Lead Performer: University of Maryland — College Park, MD
-- Oak Ridge National Laboratory — Oak Ridge, TN
-- Heat Transfer Technologies (HTT) — Prospect Heights, IL
DOE Total Funding: $1,750,000
Cost Share: $174,913
Project Term: September 2017—September 2020
Funding Type: Buildings Energy Efficiency Frontiers & Innovation Technologies (BENEFIT) – 2017 (DE-FOA-0001632)
The University of Maryland will develop the next generation air-to-refrigerant heat exchangers using non-round tubes that are 25% smaller, 25% lighter and 30% reduced charge than state-of-the-art heat exchangers. The reduced charge advantage will facilitate the use of alternative refrigerants (A2L, A3), which are some of the most efficient refrigerants available.
The project team proposes the following goals:
- Enhance the existing computational fluid dynamics (CFD) and framework to add simultaneous FEM/FEA analysis and apply it to design optimal heat exchangers with finned and finless non-round tubes and optimal headers to minimize size, weight, and refrigerant charge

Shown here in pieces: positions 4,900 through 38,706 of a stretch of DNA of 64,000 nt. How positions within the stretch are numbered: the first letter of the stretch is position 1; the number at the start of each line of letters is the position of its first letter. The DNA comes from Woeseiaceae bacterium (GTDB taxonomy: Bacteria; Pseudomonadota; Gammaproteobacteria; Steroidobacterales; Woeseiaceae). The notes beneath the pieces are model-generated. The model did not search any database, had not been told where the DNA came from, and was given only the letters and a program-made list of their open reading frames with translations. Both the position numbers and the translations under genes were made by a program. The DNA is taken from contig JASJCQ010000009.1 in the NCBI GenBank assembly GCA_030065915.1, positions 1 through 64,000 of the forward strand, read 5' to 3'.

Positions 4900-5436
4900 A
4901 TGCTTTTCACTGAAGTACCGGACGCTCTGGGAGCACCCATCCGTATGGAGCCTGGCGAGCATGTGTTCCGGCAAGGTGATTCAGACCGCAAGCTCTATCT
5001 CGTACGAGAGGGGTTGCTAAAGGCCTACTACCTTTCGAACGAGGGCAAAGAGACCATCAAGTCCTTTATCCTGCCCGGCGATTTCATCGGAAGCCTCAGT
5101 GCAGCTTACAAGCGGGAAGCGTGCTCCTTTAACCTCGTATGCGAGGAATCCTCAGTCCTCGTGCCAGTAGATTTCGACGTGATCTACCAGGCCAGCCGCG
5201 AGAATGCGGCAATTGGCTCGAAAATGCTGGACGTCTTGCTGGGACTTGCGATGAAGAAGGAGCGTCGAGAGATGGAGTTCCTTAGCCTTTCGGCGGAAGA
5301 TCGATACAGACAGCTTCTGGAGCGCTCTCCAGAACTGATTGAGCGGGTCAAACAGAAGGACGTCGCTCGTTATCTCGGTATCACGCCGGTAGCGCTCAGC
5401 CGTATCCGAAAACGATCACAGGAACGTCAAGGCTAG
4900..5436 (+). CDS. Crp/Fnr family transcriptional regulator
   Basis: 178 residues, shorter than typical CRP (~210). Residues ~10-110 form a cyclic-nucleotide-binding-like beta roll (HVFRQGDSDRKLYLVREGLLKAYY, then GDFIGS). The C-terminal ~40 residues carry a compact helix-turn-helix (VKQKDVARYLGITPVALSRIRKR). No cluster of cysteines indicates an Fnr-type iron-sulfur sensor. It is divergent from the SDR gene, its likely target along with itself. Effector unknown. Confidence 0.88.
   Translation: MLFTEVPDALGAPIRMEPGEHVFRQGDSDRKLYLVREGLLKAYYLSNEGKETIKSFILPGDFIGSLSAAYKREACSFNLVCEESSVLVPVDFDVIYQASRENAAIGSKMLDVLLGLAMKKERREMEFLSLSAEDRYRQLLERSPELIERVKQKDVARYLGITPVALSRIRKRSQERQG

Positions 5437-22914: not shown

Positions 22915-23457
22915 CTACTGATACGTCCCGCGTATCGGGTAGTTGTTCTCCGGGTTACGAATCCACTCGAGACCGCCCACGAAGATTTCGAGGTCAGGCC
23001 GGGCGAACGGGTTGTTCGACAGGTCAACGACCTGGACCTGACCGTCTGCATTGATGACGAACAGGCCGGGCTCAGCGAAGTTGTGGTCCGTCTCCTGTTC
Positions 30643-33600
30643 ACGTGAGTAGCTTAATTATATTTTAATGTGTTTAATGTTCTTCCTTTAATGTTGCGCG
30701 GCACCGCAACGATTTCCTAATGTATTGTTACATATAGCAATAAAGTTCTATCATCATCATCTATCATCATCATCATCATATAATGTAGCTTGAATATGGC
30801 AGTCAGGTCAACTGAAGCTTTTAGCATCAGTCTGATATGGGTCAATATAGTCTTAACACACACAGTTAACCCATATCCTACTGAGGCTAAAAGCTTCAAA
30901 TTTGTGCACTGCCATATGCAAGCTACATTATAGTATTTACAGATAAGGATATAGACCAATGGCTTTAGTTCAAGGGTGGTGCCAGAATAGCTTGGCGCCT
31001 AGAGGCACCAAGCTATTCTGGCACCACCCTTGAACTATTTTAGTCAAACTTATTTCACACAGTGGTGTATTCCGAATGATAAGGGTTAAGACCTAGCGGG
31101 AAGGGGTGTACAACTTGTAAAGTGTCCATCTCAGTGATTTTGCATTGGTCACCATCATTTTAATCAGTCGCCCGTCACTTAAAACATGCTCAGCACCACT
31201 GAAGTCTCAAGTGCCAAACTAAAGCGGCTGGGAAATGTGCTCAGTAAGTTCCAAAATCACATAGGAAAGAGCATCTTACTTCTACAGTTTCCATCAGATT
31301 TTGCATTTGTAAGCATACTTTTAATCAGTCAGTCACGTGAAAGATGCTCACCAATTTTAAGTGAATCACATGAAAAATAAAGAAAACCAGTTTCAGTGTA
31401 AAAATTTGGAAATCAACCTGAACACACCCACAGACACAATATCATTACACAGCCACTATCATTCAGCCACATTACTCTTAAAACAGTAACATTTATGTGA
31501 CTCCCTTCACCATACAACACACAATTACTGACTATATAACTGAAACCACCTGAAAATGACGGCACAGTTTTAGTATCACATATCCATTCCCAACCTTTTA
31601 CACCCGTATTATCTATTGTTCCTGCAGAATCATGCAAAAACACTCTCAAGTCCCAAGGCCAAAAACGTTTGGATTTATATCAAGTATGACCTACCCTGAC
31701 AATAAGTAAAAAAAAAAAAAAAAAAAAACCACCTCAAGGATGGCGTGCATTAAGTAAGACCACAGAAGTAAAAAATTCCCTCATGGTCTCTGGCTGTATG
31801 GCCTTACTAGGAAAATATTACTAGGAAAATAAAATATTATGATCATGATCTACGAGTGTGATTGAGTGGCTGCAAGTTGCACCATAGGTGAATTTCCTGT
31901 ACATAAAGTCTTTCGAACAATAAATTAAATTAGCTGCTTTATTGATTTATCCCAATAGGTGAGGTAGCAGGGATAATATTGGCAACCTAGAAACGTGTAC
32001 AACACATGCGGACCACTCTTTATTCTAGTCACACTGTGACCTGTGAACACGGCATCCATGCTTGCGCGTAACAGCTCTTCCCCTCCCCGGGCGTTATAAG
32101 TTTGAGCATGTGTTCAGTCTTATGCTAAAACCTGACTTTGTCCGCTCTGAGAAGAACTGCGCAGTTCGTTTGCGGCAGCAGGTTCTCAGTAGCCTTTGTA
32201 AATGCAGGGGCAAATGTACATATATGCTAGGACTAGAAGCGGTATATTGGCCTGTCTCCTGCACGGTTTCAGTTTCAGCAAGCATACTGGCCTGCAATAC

- Create non-round tube heat exchanger prototypes
- Determine flow distribution, wetting, and frosting through comprehensive laboratory testing
- Deliver three heat exchanger prototypes to U.S. manufacturers for testing and validation
These new heat exchangers will make the systems 10% more efficient, saving 0.26 quads annually (based on BTO Market Calculator, 2030 primary energy consumption prediction of air-conditioning systems and heat pumps, total 2.6 quads), while leading to potential cost savings due to reduction in material, volume and logistics requirements. This design framework also has the potential to be further used to design and optimized other HVAC&R heat exchangers, with significant reduction in refrigerant charge.
DOE Technology Manager: Antonio Bouza
Lead Performer: Reinhard Radermacher, University of Maryland